This is part three of our series on Responsive Web Design. Click here to read Part 1 and Part 2.
In our previous articles, we’ve covered why your business should have a responsive website, as well as what kind of content should live there. Today we will cover some best practices for making sure your site looks and functions great no matter what device a potential visitor is using.
The first step to building a good responsive website is to design your site to be mobile friendly from the ground up. Traditionally, sites were designed to look great on a large desktop monitor first and foremost, and those sites often did not respond at all based on the size of a visitor’s device screen. You may encounter older sites like this still, with images and text shrinking to the point of illegibility, or worse, spilling off the side of the screen entirely.
Designing with a mobile first philosophy means figuring out how your site will work and look at the smallest device size they are likely to use – say, an iPhone 5 – before designing the layout to be used at larger screen sizes because over 51% of website traffic these days is mobile.
That said, it’s important to remember that mobile first does not mean mobile only. It is still important that you visitors have a rich and intuitive experience when navigating your site with their tablet, laptop or desktop.
There are thousands of individual devices out there, with no such thing as industry-wide standards for what dimensions those devices use. There are a handful of generally useful breakpoints, though, that should work well across most broad categories of devices. While individual sites and individual devices can vary, we’ve found these pixel widths to be very useful:
Your users, especially on mobile devices, may have limited bandwidth. Sure, beautiful full screen images (like the one in this article!) are becoming more and more common on websites, but it’s important to make sure your images are appropriately scaled and sized.
Tools like Photoshop and the free image editor GIMP will let you save your pictures at a web friendly size (ideally no wider than 1366px wide if you can help it), and also let you reduce the image quality to a point where a human eye can’t tell that it’s compressed — but your computer still can. 50% – 60% quality for JPGs is a good rule of thumb. TinyPNG and TinyJPG are great online tools that can compress your images further without any visible content loss.
In addition, size your images appropriately for where they live on your page. If you are uploading an author’s headshot that will only show up 300px wide or smaller in your author bio, there’s no reason to upload an image that is any wider than that. Save your pictures at the size they will be displayed on your site.
Whenever possible, you should try to keep your titles and headlines on one line. That frequently means that you will need to resize the fonts you use based on different breakpoints. You should also take care in selecting what fonts you use at any size. Make sure that typefaces that are thin don’t become unreadable as they get smaller. It’s also a good idea to give your text strong contrast against the background, to help screens with lower brightness or users with vision impairments.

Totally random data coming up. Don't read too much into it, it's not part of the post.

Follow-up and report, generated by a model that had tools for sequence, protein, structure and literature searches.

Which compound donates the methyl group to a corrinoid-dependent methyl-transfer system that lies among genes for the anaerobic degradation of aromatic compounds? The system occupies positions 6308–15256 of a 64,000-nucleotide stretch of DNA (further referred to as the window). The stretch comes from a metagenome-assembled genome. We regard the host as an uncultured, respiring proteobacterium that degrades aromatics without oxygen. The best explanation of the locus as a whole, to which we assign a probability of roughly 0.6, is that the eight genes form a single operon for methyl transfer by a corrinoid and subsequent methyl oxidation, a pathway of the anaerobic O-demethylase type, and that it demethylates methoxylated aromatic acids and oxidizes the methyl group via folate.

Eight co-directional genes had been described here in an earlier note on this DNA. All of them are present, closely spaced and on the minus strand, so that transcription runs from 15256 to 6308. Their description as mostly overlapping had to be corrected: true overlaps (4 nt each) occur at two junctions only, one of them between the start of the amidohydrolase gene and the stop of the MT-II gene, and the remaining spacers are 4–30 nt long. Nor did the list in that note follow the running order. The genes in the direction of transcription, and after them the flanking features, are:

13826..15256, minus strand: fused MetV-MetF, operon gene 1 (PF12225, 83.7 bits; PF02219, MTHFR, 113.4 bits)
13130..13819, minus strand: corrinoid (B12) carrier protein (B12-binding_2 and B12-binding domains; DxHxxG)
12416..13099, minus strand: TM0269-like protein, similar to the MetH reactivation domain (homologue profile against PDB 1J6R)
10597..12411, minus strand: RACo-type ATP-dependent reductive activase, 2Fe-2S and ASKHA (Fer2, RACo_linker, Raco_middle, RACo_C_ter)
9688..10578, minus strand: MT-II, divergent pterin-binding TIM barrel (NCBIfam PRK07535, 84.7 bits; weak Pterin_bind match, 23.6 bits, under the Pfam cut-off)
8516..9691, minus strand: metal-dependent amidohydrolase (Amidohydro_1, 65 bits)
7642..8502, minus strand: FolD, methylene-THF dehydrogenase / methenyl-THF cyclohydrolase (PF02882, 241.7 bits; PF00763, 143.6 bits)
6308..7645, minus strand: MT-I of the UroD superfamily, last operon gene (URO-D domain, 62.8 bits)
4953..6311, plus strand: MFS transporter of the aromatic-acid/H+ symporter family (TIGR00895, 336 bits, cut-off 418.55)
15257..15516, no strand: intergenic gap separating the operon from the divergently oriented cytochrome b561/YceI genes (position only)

Navigation is one of the biggest challenges when it comes to designing a responsive website. This is especially true for large sites with many levels of menu items, but the same philosophy can work on any site.
The first thing to keep in mind is function. While your full screen site might have a full width menu across the top, that simply won’t work on devices like a tablet or phone. A standard solution is to replace your full width menu with an icon (such as the famous “hamburger” icon) at a reasonable width, such as 1024px or 768px, and change the format to a vertical menu.
On a laptop or desktop, you can hover over a navigation link to open a drop down context menu. On a tablet or mobile device, there is no hover function – this is where your site should be designed to work with taps and swipes. In your responsive vertical menus, icons like arrows or plus-signs can be used to indicate that a menu item is multi-level, and tapping these icons will expand your menu choices further.
While the guidelines presented above will get you well on the way toward a stellar responsive website, it’s important to note that the internet is always changing, along with the ways in which we access it. Other responsive design best practices to keep in mind are mobile page speed loads, how users interact with forms at mobile sizes, and more. Make sure you test your site on as many devices and browsers as you can get your hands on, and use tools like Browserstack to test for devices you don’t own yourself. And don’t forget, you can always consult an expert!
Whether you are programming your own website, are looking for someone to optimize what you currently have, or are looking to have a site built from scratch, we’re here to help!
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